Research indicates tenderness begins with the seedstock producer's genetic decisions.

Since 1995 when the Beef Quality Audit revealed that one in four steaks "doesn't eat right," there has been a fast-paced quest to find ways to improve beef's tenderness.

Aging, high-voltage electrical stimulation (ES), and calcium-activated tenderization (CAT) have all been suggested as postmortem processes to improve tenderness. But that may be putting the cart before the horse.

When it comes to lessening the odds of having an undesirable eating experience, Colorado State University (CSU) meat scientist Gary Smith points his finger to the seedstock producer. "It's a matter of selection," says Smith.

Smith uses a quote from Bob Reed of Llano Estacado Winery to illustrate his point, "Once the grapes hit the dock, it's too late for us to correct the fruit. You can make good or bad wine from good grapes, but you can't make good wine from bad grapes."

The same is true with beef, Smith says. "It's difficult to produce tender beef using cattle that are inherently tough."

What Are The Probabilities? The chances of getting tough beef are high. As part of a study commissioned by the National Cattlemen's Beef Association (NCBA), a retail steak audit was conducted in eight U.S. cities to determine baseline probabilities for the expected rate of non-conformance (toughness).

Smith, along with CSU animal scientist Daryl Tatum and graduate student Matthew George, conducted the study.

The audit revealed that beef cuts were available to consumers in as few as three days or up to 45 days post-harvest, with 21 days being the average length of time between harvest and retail display. A "worst-case" baseline was established at three days, finding that one of two top sirloin steaks and nearly two of three top loin steaks had shear force values equal to or greater than 4.54 kg, indicating toughness. After 21 days of aging (considered the "normal" baseline) the expected toughness rate was still nearly one of three steaks.

As part of the NCBA study, genetic and postmortem interventions were examined in hopes of identifying a total quality management system that could be used to reduce the incidence of retail beef tenderness problems.

One hundred ninety-two steers, sired by 31 bulls (four to seven steer calves per sire), were evaluated for carcass tenderness. Eight sire breeds were represented: Angus, Belgian Blue, Braford (51/48 Hereford x 31/48 Brahman), Braunvieh, Charolais, Limousin, Red Brangus, (51/48 Red Angus x 31/48 Brahman) and Simmental.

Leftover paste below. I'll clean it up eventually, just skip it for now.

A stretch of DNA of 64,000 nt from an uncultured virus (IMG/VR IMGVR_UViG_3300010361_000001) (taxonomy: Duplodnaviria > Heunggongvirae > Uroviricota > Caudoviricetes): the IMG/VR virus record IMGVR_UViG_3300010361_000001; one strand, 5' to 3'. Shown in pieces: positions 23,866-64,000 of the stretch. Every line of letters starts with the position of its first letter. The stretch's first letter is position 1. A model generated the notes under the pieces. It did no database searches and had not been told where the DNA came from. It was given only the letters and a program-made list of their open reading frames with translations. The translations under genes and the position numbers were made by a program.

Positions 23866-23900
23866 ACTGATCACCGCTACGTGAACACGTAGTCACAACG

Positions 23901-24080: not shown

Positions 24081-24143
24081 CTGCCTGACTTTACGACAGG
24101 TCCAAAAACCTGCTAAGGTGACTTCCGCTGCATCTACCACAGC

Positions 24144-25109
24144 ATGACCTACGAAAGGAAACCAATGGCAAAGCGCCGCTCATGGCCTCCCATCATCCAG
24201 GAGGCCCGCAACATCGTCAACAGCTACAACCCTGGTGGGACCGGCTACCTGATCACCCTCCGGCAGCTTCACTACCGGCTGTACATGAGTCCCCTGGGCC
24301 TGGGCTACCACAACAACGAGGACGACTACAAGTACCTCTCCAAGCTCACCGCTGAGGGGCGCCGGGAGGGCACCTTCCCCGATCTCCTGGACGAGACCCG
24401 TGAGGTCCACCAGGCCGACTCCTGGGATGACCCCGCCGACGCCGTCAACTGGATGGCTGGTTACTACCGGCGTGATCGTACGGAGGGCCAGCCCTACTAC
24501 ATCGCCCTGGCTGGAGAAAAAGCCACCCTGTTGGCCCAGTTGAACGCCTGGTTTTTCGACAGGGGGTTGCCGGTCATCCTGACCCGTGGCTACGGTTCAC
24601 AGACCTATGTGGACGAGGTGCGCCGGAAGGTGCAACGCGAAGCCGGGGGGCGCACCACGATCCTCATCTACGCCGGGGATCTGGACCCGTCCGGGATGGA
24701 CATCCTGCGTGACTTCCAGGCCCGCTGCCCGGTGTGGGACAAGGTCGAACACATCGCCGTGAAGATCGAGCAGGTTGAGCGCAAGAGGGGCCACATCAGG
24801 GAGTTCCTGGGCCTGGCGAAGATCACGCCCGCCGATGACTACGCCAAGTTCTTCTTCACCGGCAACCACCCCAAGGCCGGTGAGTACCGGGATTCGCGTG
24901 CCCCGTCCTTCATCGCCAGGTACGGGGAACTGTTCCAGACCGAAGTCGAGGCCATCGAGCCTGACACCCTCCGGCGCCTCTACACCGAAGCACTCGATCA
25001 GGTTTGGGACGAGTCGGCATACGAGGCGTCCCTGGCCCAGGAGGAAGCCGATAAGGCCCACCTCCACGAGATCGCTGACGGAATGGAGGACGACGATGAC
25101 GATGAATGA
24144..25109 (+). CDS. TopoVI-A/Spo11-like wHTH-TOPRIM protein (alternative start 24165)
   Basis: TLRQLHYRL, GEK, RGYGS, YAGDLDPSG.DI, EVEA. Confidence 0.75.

The cattle were started on feed as calves and fed high concentrate grain diets in commercial feedlots until they attained approximately .45-in. external fat thickness at the 12th rib. Implants were administered twice (Synovex-S, followed by Revalor-S) during finishing.

All carcasses in the study were classified as A-maturity, and 92% of the carcasses had marbling scores of Slight and Small. The distribution of quality grades was 1% Prime, 6% upper 21/43 of Choice, 41% low Choice, 51% Select and 1% Standard.

Even after the combined use of aging, ES and CAT, nearly one of five steaks was classified as tough under the shear force specifications. This suggests postmortem technology cannot be expected to completely eliminate tenderness problems and that some attention must be given to improving the quality of "raw" materials, according to Smith.

Therefore, a second portion of the study evaluated the role of genetic intervention on improving tenderness. Two methods were evaluated:

* Genetic Intervention A - The worst 25% of sires were eliminated, based on progeny group means for top loin shear force values at day 14. Progeny of eight sires (four Bos taurus and four Bos indicus) were eliminated.

* Genetic Intervention B - The best 25% of sires were selected, based on progeny group means for top loin shear force values at day 14. Progeny of eight sires (five Bos taurus and three Bos indicus) were included in the selected group.

Elimination of the "worst" 25% of sires decreased the probability of non-conformance (toughness) to 0.18 for top sirloin steaks and 0.16 for top loin steaks. On the other hand, selection of the "best" 25% of sires reduced the probability of non-conformance to 0.11 for top sirloin steaks and .06 for top loin steaks.

But it was the combination of genetic and postmortem intervention that produced the most tender results. Selecting the best 25% of sires and using high-voltage ES, along with 14-21 days of aging, further reduced the expected rates of toughness to approximately 6% (1 of 17) for top sirloin steaks and 1% (1 of 100) for top loin steaks.

These results certainly suggest beef tenderness can be improved, but it needs to be through a total quality management approach which starts with genetic selection, followed by postmortem intervention, says Smith.